NaNoWriMo: Bring it on

Although it’s not for three months, I went ahead and officially signed up for NaNoWriMo today.  I suppose that part of me figured that if I created an account, especially this early, then I would do some major preparation and actually go through with the event.  Of course, that reasoning is sound in theory only; I joined the local gym a while back, thinking that if I was paying money then I would actually go.  If I had really gone to the gym for all the months for which I paid before I eventually quit, I would have a smokin’ hot bod right now.  But that’s another story for another time.

Since I participated in NaNoWriMo a few years back, I already had an account set up.  However, I tend to forget user names and passwords quicker than our fish forget that they’ve been fed.  Naturally, years later, I had no idea under which name I had registered.  Therefore, it was only logical that I simply create a new user name, clogging up the system with yet another abandoned profile.

I quickly skimmed through the automatically-generated pep talk email that was sent out immediately following my registration.  In this case, most of it was the usual “It’s okay to not know what you’re doing,” and “Do not edit as you go,” and “There will be times when you will want to quit – don’t.”  I had to laugh when I got to the end of the email and read their final words of advice:

Tell everyone you know that you’re writing a novel in November. This will pay big dividends in Week Two, when the only thing keeping you from quitting is the fear of looking pathetic in front of all the people who’ve had to hear about your novel for the past month. Seriously. Email them now about your awesome new book. The looming specter of personal humiliation is a very reliable muse.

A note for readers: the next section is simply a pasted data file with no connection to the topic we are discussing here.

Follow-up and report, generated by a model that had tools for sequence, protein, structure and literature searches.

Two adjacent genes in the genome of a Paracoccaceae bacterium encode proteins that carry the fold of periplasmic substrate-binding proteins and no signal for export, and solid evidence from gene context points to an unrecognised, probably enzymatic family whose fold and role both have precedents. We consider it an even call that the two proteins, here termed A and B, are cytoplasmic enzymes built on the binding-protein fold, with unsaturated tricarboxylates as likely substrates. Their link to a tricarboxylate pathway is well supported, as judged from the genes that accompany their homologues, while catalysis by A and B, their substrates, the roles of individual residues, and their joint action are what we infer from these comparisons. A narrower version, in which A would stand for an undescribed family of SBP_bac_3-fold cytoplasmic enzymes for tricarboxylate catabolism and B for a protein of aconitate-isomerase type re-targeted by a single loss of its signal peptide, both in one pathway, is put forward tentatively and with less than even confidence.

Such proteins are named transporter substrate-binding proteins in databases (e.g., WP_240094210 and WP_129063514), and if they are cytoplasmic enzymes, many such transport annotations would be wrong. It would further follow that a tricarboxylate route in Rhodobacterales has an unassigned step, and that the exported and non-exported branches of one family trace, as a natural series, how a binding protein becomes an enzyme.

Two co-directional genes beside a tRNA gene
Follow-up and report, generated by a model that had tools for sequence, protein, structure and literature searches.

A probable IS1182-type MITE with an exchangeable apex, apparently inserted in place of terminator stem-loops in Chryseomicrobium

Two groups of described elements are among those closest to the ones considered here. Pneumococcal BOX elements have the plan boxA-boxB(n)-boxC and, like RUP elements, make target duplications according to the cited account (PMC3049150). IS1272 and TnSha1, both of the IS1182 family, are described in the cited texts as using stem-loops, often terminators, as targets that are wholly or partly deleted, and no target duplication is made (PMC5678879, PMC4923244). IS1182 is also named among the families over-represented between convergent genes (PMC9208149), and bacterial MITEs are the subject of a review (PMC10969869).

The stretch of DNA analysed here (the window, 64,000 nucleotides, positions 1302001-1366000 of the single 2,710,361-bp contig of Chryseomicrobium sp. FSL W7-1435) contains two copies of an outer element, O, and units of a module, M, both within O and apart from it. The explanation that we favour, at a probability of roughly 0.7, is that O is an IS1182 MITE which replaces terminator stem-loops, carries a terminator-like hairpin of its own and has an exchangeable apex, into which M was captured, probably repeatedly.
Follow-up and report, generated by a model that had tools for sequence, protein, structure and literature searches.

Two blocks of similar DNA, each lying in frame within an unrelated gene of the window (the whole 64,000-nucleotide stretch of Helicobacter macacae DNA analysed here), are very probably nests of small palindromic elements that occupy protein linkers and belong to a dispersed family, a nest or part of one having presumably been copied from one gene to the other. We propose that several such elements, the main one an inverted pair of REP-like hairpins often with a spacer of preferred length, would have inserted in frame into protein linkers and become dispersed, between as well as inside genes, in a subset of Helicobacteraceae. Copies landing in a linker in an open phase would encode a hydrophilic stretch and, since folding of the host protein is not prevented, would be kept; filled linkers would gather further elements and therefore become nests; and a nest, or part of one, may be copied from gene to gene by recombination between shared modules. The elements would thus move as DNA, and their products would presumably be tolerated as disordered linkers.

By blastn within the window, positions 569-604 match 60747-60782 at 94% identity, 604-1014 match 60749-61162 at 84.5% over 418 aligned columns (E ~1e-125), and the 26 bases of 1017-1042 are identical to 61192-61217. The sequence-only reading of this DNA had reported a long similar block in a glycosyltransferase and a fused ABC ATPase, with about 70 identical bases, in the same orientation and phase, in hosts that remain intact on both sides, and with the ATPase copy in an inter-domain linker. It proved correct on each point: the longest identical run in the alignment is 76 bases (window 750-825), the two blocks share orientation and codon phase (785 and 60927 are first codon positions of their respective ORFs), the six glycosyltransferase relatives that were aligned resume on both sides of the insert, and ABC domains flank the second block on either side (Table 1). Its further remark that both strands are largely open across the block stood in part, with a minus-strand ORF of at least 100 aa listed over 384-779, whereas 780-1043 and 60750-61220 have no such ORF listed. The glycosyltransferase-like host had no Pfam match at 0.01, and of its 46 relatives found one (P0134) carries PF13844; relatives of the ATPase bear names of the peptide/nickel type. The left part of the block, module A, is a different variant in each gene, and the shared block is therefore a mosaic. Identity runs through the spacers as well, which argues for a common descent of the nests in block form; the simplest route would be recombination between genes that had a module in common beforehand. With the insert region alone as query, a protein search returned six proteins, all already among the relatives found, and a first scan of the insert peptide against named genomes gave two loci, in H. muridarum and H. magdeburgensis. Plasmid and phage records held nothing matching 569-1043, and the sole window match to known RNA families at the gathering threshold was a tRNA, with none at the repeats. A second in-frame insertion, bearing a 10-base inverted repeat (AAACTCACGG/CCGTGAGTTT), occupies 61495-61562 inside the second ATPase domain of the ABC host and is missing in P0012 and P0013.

The possibility of embarrassment is my driving force most of the time.  It is the reason why I have been so diligent about preparing my pieces for an upcoming recital.  But now the path to success has become clear to me: I must tell ten friends about my literary intentions, and those ten friends must tell their ten friends, and, well, you get the idea.  NaNoWriMo is certainly in favor of this tactic; they have even created a neat little widget for friends and loved ones to post on their own blogs and websites to show their support for their budding writer.  When the widgets are updated for the 2008 season, I expect each and every one of my five or less readers who have blogs or web sites to post it proudly.


4 Comments (+add yours?)

  1. Mike
    Jul 31, 2008 @ 21:53:30

    Its a tough goal, but I think you can do it. And if you don’t, you’ll still have more guts than me for trying it.


  2. curlygrrl
    Aug 01, 2008 @ 21:26:07

    I’ll see you there! It is sooo great and in 2007 I think it really did help that i told everyone I knew that I was doing it. (and promised a select few that they could actually read it.)


  3. megan
    Aug 02, 2008 @ 09:41:43

    Mike: Thanks for the vote of confidence. At least this year I have the beginning of a story in my head. I think you need to do the screenwriting version in April. That will make us even in the “guts” category.

    curlygrrl: Thanks for stopping by, and for the reassurance of my theory that doing it to avoid the threat of humiliation is the way to go.


  4. Trackback: Counting down « Melodic Insomniac

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